General Description:

The VideoSport MK2 was sold in 1974 or early 1975 by Henry's, a British retailer of televison and Hi-Fi equipment. It is one of the earliest European PONG systems and uses analog circuits. It was still available at Henry's in early 1977. Customers could either buy it in the stores, or have it sent by mail. The box of our specimen was shipped to its original owner in January 1977 and shows a hand-written 2819 in large digits. If this is a serial number, then less than 3000 specimens were sold in two years, which is very low. In this case, it is possible that only a few thousands of units were built. Seeing that sort of model being still sold and discounted in stores in 1977 was common back in the 1970s. The rush for the latest and more advanced model did not exist: although many advanced models were available, earlier ones were still proposed at a lower price (hence the discount between the two advertisements below and our boxed unit, originally purchased for 20.20).

The hand assembled electronic circuit board is very basic: it has only two TTL integrated circuits containing four NAND gates each. The rest is made of discrete components. This is a typical design for an analog system released in small amount. The electronic circuit of this system is the simplest one after the Magnavox Odyssey. The system is only powered by the mains. Curiously, the bottom sides of the case and hand controls are glued rather than screwed, making it difficult to open the main unit without damaging the borders.

Two versions are known to exist: the original one with gold letters, and the later one without gold letters (probably an attempt to reduce the production costs). The push-buttons could be black, yellow or white as these systems were mostly hand assembled with parts purchased "on the fly", as opposed to systems made by bigger companies who ordered their whole stock of electronic parts because their products were assembled by automatic tools.

The system plays three games without any difficulty level, although it would have been easy to adjust the ball motion, paddle size, etc. Such settings were common with analog systems.


The first game is obviously TENNIS (PONG). Each player uses two knobs to move his paddle (one to move horizontally and one to move vertically), and one push-button to serve the ball. There are no on-screen scoring and no sound effects, which is a common thing with early analog systems. However, the picture quality is very good compared to the type of components used. Most other analog systems used more integrated circuits to provide a better video signal. With only two chips, this system still provides a very good picture.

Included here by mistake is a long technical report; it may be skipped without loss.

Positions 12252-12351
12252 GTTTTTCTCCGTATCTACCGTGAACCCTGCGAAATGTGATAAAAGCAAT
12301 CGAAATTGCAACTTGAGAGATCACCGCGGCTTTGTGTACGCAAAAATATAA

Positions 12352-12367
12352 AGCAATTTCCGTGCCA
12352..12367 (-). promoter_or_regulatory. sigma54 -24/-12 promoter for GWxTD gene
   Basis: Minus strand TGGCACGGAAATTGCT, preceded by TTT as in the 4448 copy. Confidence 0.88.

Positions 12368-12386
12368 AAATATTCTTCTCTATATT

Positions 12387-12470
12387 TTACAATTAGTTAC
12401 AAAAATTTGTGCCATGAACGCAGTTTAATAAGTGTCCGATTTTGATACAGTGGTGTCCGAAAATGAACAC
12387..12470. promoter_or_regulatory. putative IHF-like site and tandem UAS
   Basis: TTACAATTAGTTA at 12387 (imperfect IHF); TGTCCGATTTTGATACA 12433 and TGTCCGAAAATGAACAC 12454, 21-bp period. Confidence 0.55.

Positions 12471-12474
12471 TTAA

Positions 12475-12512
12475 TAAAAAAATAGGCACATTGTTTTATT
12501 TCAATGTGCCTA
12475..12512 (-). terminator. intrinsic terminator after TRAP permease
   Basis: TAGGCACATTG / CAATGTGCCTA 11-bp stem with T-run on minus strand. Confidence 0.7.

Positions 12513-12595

The second game is FOOTBALL, which is quite rare on analog systems. It plays just like TENNIS, but with two lines with a hole on their middle to act as goals. Because this game can be played with only two paddles, there is no football team, so each player acts as a goal for the other. This game should have been named GOAL instead...

The third game is HOLE IN THE WALL, another Ball and Paddle variant without central line, where one player is an inverted paddle so as to display as a vertical line with a hole instead of the paddle. Alghough this game is very common with analog systems, this one is played differently. First, the hole is located on the left of the screen, instead of the right like most other analog systems. Second, the hole is controlled by both players instead of one: not only the hole faces the paddle when the second player (right) moves vertically, but the first player (left) can only move the hole horizontally. Thus, each player moves the hole in one direction. This is a very strange version of this game, which has a major drawback due to the two-player control of the hole: it is not possible to play other variants like SQUASH (where the hole is located so high that it doesn't display), BASKETBALL (where the hole is located on the top of the screen), and MOUSE HOLE (where the hole is located on the bottom of the screen)...